Scholarship

Recent Scholarship Related to the Federal Circuit

This month we highlight two scholarly articles related to the Federal Circuit.

Here are the details.

Retroactivity and Appointments

In his article, Professor Andrew C. Michaels “reviews the doctrine of retroactivity and appointments, discusses the relevant academic literature, and proposes a coherent framework for courts to use when faced with these important questions.” Specifically, he argues that “[t]he current law of retroactivity in the Appointments Clause context is confused” and has resulted in “significant practical consequences.” Professor Michaels also explores the Federal Circuit’s recent Arthrex decision and the court’s application of the doctrine of retroactivity with regards to the Appointments Clause.

Does Conjoint Analysis Reliably Value Patents?

In their article, Professor Bernard Chao and Sydney Donovan explore the reliability of conjoint analysis to calculate the value of the contribution a patent may make to the overall value of a product. The authors argue that “courts should not allow evidence of conjoint analysis to show the specific monetary value of specific features.” In exploring the validity of conjoint analysis, the authors found that their “surveys yielded irrationally high numbers.” Further, they demonstrate that “experts can manipulate the results of conjoint analysis by selecting among a number of different ostensibly reasonable statistical choices and picking the one that yields the most desirable outcome.”

Read More
Scholarship

Recent Scholarship Related to the Federal Circuit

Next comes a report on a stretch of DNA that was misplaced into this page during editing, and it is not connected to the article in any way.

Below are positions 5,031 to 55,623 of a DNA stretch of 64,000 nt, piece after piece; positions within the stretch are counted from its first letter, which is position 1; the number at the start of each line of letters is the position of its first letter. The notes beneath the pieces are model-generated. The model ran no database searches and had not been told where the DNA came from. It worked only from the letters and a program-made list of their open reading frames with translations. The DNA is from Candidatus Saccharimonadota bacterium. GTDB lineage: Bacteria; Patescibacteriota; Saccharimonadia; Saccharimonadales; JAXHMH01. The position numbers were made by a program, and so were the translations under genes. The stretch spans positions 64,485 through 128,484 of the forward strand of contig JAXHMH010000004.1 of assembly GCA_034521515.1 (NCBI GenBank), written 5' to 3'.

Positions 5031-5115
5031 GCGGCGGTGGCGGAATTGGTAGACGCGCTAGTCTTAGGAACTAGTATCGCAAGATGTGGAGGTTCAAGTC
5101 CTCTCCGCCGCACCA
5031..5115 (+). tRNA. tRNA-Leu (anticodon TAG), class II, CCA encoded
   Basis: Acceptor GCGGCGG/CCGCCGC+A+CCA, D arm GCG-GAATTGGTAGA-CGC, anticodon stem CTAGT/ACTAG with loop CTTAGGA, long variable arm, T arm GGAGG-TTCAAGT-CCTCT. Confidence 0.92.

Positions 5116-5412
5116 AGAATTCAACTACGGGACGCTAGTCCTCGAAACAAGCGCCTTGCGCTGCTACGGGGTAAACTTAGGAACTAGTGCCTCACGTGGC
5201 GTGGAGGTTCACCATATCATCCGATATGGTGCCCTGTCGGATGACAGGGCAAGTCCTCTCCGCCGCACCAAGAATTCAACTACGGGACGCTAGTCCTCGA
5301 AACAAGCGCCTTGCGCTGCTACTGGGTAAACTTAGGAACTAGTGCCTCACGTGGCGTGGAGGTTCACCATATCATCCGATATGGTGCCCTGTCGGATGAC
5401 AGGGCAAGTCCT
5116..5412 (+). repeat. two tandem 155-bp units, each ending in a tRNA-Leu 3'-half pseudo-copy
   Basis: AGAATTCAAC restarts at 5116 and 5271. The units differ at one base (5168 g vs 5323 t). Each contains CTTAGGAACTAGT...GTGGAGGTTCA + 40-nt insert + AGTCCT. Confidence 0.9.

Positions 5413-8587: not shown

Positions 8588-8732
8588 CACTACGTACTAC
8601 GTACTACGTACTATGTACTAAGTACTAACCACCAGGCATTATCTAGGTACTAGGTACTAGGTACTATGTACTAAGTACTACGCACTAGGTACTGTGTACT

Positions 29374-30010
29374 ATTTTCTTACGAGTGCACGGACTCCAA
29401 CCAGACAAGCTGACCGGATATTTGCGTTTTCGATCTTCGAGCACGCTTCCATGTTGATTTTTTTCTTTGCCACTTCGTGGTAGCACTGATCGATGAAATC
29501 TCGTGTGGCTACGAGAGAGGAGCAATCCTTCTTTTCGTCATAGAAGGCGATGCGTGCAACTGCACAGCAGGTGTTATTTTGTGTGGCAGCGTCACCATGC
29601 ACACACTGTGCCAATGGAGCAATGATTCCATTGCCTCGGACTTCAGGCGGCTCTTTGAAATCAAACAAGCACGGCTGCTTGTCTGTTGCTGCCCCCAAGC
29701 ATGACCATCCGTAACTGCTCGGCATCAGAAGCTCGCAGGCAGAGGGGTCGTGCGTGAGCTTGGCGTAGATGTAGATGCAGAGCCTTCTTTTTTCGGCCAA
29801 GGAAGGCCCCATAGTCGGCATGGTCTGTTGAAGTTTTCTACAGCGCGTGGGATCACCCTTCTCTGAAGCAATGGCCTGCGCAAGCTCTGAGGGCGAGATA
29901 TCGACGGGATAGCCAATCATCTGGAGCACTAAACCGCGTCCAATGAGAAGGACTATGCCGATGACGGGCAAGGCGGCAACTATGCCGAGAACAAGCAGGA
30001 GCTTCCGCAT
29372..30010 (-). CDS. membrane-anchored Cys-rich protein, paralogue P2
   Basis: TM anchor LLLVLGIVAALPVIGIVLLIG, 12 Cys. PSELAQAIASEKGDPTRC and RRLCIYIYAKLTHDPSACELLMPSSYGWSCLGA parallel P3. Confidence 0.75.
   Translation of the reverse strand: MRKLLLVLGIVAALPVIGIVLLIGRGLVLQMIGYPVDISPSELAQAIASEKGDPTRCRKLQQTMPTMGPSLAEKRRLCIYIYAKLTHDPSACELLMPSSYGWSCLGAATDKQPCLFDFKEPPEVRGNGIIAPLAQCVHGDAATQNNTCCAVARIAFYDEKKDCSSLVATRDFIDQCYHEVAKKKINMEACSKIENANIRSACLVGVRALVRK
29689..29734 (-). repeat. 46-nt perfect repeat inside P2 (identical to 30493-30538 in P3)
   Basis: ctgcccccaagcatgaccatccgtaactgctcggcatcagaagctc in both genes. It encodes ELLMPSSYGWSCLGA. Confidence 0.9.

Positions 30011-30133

This month we highlight one paper exploring research related to the Federal Circuit—Regulating Intermediate Technologies by Professor Rachel Sachs.

Read More
Scholarship

Recent Scholarship Related to the Federal Circuit

This month we highlight two papers and two books. The first paper analyzes opinion assignments within the Federal Circuit, while the second paper considers the remedy of disgorgement in intellectual property cases. The first book focuses on the challenges 3D printing poses to traditional intellectual property regimes, while the second book analyzes the possibility of standardizing remedies for patent infringement in the context of complex products like smartphones and laptops.

Read More
Scholarship

Recent Scholarship Related to the Federal Circuit

This month we highlight four papers, two related to institutional design and two related to patent law. The first paper addresses the creation of specialized courts and why these courts persist. The second paper focuses on the problem of myopia in comparative institutional analyses of legal institutions and the need to incorporate comparative failure analysis. The third and fourth papers address patent law, respectively, the creation of a database to conduct empirical studies of patent litigation in U.S. district courts, and the U.S. Patent Office’s attempts to provide clarity in the area of patent eligibility through guidance documents. 

Read More
Scholarship

Recent Scholarship Related to the Federal Circuit

Every month here at Fed Circuit Blog we highlight recent scholarship related to the Federal Circuit and the law under its jurisdiction. This jurisdiction, of course, includes patent law, but also many other areas of law. This month we highlight three articles, two in the field of patent law and one in the field of takings law. The patent law articles address, respectively, the role of the United States Solicitor General vis-à-vis the Patent Office in formulating patent policy, and whether intellectual property licenses act as a “tax” that limits access to technology assets. The takings law article takes a fresh look at the law governing alleged physical takings.

Read More